This is the final post in a three-part blog series on redefining your ATM strategy for the modern banking ecosystem. Read part one
here and part two
In the previous two blogs in this series, we’ve looked at the importance of the ATM to the overall channel delivery strategy. I’ve also explored, at a high level, the importance of understanding the data to drive the recommendations.
In this final segment, I want to focus on optimizing your ATM network from a placement perspective. It’s critical to ensure you have the right number of ATMs in the market and that they are optimally positioned, in able to get the most out of your network.
We have already defined the role of the ATM to the FI, but how do we define the role of the ATM to the consumer? The answer is pretty straightforward: they want convenience. The consumer wants the ability to conduct their transactions how, when and where they want, in the way that is most convenient for them.
FIs that have a robust branch network with 24/7 available ATMs are in good shape. FIs that have this robust branch network AND complementary off-premise ATMs are in much better shape.
A Cohesive Look at Channel Strategy is Required for Modern Banking
Off-premise ATMs create a more attractive delivery network that can have a direct impact on your ability to attract new consumers and retain and grow wallet share with existing consumers.
Undersized branch networks can be augmented by the addition of well-positioned ATMs in key retail and/or destination points. The addition of ATMs will create the critical mass required to capture more share as well as increase convenience for existing consumers.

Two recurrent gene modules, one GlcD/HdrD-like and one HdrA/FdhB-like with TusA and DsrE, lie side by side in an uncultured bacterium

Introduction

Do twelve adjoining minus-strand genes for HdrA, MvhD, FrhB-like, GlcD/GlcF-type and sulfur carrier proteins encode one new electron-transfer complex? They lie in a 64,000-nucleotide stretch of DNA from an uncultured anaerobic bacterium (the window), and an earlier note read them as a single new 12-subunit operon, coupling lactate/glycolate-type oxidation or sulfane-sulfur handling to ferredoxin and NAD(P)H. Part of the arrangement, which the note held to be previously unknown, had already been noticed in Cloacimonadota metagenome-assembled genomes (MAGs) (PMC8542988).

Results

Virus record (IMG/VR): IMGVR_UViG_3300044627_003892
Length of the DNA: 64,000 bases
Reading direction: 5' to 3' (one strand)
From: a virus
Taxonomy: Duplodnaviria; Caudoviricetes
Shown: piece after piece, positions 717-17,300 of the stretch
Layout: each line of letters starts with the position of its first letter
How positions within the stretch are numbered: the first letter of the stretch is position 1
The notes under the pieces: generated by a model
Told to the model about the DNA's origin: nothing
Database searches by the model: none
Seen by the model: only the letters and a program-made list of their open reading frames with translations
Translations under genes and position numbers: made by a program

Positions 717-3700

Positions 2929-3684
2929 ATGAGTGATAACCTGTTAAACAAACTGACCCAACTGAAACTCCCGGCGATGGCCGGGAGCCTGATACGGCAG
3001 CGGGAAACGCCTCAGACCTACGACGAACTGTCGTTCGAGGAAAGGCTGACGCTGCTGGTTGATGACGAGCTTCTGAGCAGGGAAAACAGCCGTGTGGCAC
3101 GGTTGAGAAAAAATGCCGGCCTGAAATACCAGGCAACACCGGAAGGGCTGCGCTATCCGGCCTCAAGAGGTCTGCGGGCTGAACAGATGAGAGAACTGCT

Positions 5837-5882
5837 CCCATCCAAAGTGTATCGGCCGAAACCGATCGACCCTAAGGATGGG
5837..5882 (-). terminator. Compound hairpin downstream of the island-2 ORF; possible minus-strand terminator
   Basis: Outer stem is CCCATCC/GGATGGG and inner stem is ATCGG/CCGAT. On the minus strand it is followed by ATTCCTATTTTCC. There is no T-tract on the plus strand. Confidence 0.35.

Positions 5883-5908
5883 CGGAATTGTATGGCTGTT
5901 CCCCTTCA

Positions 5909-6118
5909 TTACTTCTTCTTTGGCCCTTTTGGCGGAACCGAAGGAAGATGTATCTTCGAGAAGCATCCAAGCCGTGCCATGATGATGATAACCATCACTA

The largest U.S. banks have been using this strategy for many years. We are now seeing many community banks and credit unions adopt the same strategy.
When you think of the branch and ATM network through your consumers’ eyes, what do you see? We see touchpoints that are convenient for the transactions your consumers need to complete. Since ATMs offer functionality for at least 60% of all transactions (deposits and withdrawals) and up to 90% with interactive video or core connectivity, the consumer will use that ATM because it satisfies their transaction needs.
FIs that use the off-premise ATM as part of their location strategy can actually create more value for consumers in that market, gain more market share and have LOWER overall costs!
Here is an example…
ABC Bank opened 10 branches to fully cover their market. They do not have any off-premise ATMs. They want to be seen as ‘convenient’ to the entire population and currently have 80% household coverage. This means that 80% of the population lives within two miles of one of their branches. Each branch costs roughly $2 million to build and roughly $500,000 to maintain and operate on an annual basis.
XYZ Bank took a different approach. They only opened five branches and complemented those locations with 10 off-premise ATMs. In doing so, they are able to cover more geography and have 95% household coverage. Each branch costs the same as ABC Bank, but the off-premise ATM costs are a fraction of the branch costs. Costs will vary by market, but let’s assume their average lease rate is $30,000 per year and the cost of the ATM is $7,000 per year, amortized over 5 years.
What does this comparison look like?
Which bank would you rather be?
Yes, this is a simple example, but it comes from an actual project we worked on for a customer. Again, think about this from a consumer’s perspective. With XYZ Bank, they have 15 locations throughout the market. Consumers don’t necessarily think in terms of branches and ATMs, they think about convenience and the ability to conduct transactions, quickly and easily.
Even though ABC Bank is larger in terms of branch share, XYZ Bank has given the consumers in the market the perception that they are the larger bank.